Tuesday, March 25, 2014

Poems for Lunch March 27

Wondrous by Sarah Freligh (see comments from March 10)
Searching by Billy Collins
Cities in the Sky -- by Mary Jo Salter
Monody to the Sound of Zithers by Kay Boyle
Trying to Name What Doesn't Change by Naomi Shihab Nye

Looking beyond tercets... quatrains, cinquains...
I won't be there to moderate but put some notes in the margin for Carol...
books, memory, to thought clouds, fear of loss, and an elegy which speaks of desire.
Knowing the group, good connections will be made. I’ve made a few notes in the margin to spark a few comments (or not).
For reading — it might be interesting for people to contrast the first two poems in tercets, the Kay Boyle poem in quatrains…
What keys us to “turning pages” — what kind of pages — what do we seek, and how do we deal with loss?
The Mary Jo Salter poem with clouds taking shape, to thought clouds has a very different affect than the more formal “monody” which technically is an elegy, and yet if you didn’t know, might not guess. How do both poems surprise ?

For discussion: I put this footnote under Wondrous:
This poem appeared in August 2012 issue of The Sun Magazine
The poem acts not only as elegy, but a reminder of the interconnectedness of memory. Why would E.B. White cry as he tried to record the words “she died alone”? Who can forget the selfless bravery of Charlotte, or this poem which so beautifully “does the math” of grief. Note the enjambed stanzas, the repetitions both of words and sounds which help tighten the emotion. Note how “ridiculous” with its patter of 4 syllables contrasts with the title, repeated twice, for both Charlotte “spun out of the silk thread of invention” and the mother.

Compare tercets in Wondrous and Searching: how does the form help each poem?
What makes both of the poems "accessible" -- which one moves you more?
compare tercets in Wondrous and Searching:how does the form help each poem?

How does the Anna K reference work, as opposed to the children’s story read by the mother (for the 5th time.) Both poems embrace life/death/transformation:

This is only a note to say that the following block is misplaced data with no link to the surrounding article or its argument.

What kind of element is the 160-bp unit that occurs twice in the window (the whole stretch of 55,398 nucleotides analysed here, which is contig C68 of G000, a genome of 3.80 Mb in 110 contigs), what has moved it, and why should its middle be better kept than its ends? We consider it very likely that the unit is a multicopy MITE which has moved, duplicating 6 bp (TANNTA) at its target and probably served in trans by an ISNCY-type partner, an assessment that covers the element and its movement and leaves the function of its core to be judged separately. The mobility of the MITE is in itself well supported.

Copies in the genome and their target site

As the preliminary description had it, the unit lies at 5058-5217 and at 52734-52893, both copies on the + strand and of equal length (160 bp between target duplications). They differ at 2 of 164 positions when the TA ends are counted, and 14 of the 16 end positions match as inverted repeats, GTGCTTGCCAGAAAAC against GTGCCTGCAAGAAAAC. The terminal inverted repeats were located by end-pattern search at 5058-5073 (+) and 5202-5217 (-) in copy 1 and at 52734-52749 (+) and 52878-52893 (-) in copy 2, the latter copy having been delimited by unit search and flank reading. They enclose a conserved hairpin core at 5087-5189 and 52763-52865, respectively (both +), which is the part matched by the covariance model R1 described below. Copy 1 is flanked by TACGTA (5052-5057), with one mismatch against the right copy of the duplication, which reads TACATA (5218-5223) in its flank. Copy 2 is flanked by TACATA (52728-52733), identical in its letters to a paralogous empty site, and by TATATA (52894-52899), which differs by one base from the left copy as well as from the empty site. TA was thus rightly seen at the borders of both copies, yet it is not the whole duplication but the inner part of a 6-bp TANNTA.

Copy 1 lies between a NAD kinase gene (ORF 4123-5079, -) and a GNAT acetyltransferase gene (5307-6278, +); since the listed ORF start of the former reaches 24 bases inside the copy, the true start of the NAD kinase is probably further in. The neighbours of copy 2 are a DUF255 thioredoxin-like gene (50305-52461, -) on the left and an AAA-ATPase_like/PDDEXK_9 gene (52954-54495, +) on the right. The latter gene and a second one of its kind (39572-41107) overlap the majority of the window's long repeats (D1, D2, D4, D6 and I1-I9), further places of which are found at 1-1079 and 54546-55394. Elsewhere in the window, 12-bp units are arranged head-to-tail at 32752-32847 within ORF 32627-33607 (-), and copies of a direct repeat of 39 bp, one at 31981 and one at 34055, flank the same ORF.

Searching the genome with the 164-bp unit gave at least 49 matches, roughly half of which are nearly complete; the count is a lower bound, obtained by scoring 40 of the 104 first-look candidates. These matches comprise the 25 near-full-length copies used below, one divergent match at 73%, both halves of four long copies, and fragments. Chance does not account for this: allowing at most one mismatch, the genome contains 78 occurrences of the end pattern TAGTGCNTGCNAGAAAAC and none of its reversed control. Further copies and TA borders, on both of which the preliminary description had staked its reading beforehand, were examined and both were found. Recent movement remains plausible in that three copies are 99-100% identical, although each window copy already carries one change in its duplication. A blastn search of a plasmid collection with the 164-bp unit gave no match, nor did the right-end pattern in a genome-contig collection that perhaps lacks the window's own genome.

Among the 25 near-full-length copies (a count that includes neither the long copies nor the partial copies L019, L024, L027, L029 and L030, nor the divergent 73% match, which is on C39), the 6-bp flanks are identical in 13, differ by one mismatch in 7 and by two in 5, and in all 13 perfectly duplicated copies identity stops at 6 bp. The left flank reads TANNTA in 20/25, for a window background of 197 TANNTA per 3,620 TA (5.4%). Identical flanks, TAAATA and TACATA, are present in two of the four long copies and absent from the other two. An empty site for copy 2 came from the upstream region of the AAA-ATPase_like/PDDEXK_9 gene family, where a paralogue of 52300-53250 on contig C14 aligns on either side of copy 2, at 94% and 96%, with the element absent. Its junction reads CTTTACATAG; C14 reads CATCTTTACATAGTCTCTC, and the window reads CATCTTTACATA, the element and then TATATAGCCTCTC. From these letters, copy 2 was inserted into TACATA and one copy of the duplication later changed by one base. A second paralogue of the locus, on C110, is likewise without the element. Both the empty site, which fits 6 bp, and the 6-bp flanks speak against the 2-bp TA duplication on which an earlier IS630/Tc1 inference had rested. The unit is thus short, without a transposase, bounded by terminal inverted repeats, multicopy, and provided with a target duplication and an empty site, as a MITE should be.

Anna K becomes “her” – becomes Snowflake and the poem ends addressing “you” – -- a different sort of metamorphosis than the life cycle of a spider, preparing her egg sack. Wondrous as title, weaves into the poem as opposed to the title, "Searching" which ends with the speaker turning pages looking for a "you" who may be as fictitious as Anna K, as ephemeral as a snowflake in Spring. What is it we look for when we read? How does that affect the reading?

With the Cities of Clouds, a different weaving and transforming occurs. One point of interest to me for a longer poem is how length can be dismissed if one feels engaged with the poem. How does Salter keep the reader on the edge of his/her seat? Where do you see these lines repeated but with specifics?
somewhere changing to something.”
The weaving of "clouds" and "thoughts" (French, "Chateaux en Espagne" or castles in the air) goes along seamlessly until the wham on the final stanza.
Did the final stanza catch you off guard? Who is the house guest? Why ask such a question “idly”. How does that contrast with the real here and now: don’t die. The irony of “only 8:00am” as if that would mean business as usual. Where and when do we attach “business as usual” to circumstances? What other fallacies do we have in our “thought clouds” and actual thinking.

I picked Kay Boyle's 1922 poem, to contrast with the more free-form of both the Salter and Naomi Shihab-Nye poems.

In poetry, the term monody has become specialized to refer to a poem in which one person laments another's death. (In the context of ancient Greek literature, monody, μονῳδία could simply refer to lyric poetry sung by a single performer, rather than by a chorus.)
In music, monody has two meanings: 1) it is sometimes used as a synonym for monophony, a single solo line, in opposition to homophony and polyphony; and 2) in music history, it is a solo vocal style distinguished by having a single melodic line and instrumental accompaniment.

Boyle is clear about what she wants, but perhaps the form distracts us from the bluntness of "don't die, it's only 8 o'clock."

I love the masterful way that Nye can juxtapose the concrete detail with a sweepingly large universal: e.g. "Every Tuesday on Morales Street"; with "stars explode"

How does she develop her title? Lead us to explore it with her? What is it that cannot be named?

No comments: